Thursday, July 10, 2014

Geography & McIntyre Library team up on Cartographic Internships

A 1776 English map in the
UW-Eau Claire Archives.
One of our many cool maps
This past spring, UW-Eau Claire's McIntyre Library and the Department of Geography and Anthropology teamed up to develop an internship program for students interested in spending time with – and learning from – the University's map collection.  Under the guidance of Asst. Professor Greg Kocken, Head of Special Collections, Archives and Records Management, students can choose from between two internship alternatives, depending on what they want to learn and produce.

Both the Cartographic Cataloging and the Digital Curation internships make valuable contributions to the work of the Library and the Department of Geography and Anthropology as the students investigate and learn about maps, their histories, stories, ideas, purposes and perspectives.  The internships open up the worlds and histories of cartography to students and the students gain important practical experience in interpretation, presentation and information management. Details on the internships is provided at the bottom of this post.

Geography major Aaron Schroeder
UWEC's McIntyre Library,
Special Collections & Archives.
Junior geography student Aaron Schroeder immediately jumped on the opportunity to become to the first cartographic cataloging intern.  In addition to his summer job with UW-Eau Claire's Learning and Technology Services (LTS), Aaron is spending some of his summer on the fifth floor of the library looking at the map collection to see what all is among the hundreds of unorganized and undocumented maps in the archives. According to Aaron, they range from Wisconsin plat maps to French drawn territory maps of the East Coast. His goal is to have an up-to-date catalog records of all the maps and atlases which will people in the university and the community to utilize the maps.

According to Aaron, he is enjoying the internship very much. "It is very flexible which is great over summer. I am learning what makes a good map and what makes a great map. Looking at the different types and styles really opened my eyes and showed me what it takes to create a map that is worthy of archiving.  In addition, it provides a great opportunity to learn, to get to know more of the Library staff and resources and because  "investigating old maps, . . . is just cool."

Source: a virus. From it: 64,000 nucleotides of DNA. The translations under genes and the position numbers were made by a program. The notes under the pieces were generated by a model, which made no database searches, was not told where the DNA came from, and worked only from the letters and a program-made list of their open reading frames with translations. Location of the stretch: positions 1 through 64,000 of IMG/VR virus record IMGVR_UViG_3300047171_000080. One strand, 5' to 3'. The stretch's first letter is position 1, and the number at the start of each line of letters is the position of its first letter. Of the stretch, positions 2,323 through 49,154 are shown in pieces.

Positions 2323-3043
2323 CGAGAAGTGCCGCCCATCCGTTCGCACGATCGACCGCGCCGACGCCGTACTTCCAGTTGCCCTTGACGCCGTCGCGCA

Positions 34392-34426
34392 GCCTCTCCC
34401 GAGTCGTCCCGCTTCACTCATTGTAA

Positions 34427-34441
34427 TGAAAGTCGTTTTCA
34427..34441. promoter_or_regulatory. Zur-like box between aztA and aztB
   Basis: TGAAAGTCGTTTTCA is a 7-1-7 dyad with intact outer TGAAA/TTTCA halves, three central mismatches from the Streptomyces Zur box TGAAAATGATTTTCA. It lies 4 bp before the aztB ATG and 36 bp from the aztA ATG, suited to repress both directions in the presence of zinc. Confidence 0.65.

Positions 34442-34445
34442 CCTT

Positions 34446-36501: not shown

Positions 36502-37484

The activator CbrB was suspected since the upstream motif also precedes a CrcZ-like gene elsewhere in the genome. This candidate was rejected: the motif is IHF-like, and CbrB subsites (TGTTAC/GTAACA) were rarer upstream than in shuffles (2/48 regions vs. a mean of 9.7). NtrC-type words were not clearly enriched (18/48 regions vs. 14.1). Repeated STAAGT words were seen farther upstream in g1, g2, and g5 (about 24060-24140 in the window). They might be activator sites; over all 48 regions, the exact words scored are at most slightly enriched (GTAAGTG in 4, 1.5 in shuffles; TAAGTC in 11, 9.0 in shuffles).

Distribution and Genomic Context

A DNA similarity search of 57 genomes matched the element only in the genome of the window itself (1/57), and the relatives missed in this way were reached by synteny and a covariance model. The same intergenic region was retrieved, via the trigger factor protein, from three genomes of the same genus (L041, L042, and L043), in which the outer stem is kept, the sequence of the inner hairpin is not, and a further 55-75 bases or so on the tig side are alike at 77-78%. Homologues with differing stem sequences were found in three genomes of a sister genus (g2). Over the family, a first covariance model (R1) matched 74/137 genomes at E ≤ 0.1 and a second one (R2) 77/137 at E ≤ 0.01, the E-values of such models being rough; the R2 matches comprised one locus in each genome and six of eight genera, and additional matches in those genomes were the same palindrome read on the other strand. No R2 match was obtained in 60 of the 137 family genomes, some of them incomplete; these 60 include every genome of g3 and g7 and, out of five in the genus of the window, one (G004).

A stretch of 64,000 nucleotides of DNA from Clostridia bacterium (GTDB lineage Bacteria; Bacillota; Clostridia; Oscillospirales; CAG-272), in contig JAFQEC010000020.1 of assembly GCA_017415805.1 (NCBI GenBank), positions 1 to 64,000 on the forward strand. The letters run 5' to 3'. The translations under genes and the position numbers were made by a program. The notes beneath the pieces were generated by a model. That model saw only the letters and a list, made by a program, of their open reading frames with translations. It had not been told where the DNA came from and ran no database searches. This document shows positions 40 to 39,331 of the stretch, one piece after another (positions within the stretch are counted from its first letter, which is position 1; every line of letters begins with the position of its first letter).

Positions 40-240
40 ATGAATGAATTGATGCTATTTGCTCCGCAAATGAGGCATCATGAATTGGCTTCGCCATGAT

Emily Christenson, currently on a summer internship in Georgia (see past post from 23 April), is enrolled to be the first student to sign up for the Digital Curation internship this fall.  We look forward to hearing about her experiences and learning of her project.

To learn more about the Special Collections and Archives, go to their website. For any who are interested in this great internship opportunity, please email the Head Special Collections Librarian, Greg Kocken, at kockeng @ or call him at (715) 836-3873.  An application and the full range of internship expectations will be provided to prospective interns.  Following are a few of the tasks associated with each internship: 

Cartographic Cataloging Intern
·      Update and enhance existing database of information about the maps.  The database currently includes information about the date, title, geographic location, map number and storage location.
·      Conduct basic research to identify dates and appropriate geographic terms for each map.
·      Determine which maps have existing catalog records in the McIntyre Library Catalog and provide updated information when necessary.  Identify maps which do not have an existing catalog record and coordinate with technical services staff in the department to create new records.
UPDATE:  I have just learned from Greg that, since Aaron has done such an efficient job this summer, the Cataloging internship will probably not be offered again.  However, he would like to offer the Digital Curation internship beyond this fall, and it is possible that we can craft and offer other cartography-themed internships in the future.

Digital Curation Intern (Cartography Focus)
·      Select a minimum of twenty historic maps which are all connected through a common geographic theme for inclusion in a curated digital collection.
·      Conduct research into the significance of each map with an emphasis on how the maps are connected through a common theme or themes.
·      Develop a narrative description for each of the selected maps.
·      Coordinate with campus partners from LTS, Geography and Anthropology and McIntyre Library to develop a curated digital collection.  This includes digitization, uploading and developing a dedicated webpage for this digital collection.

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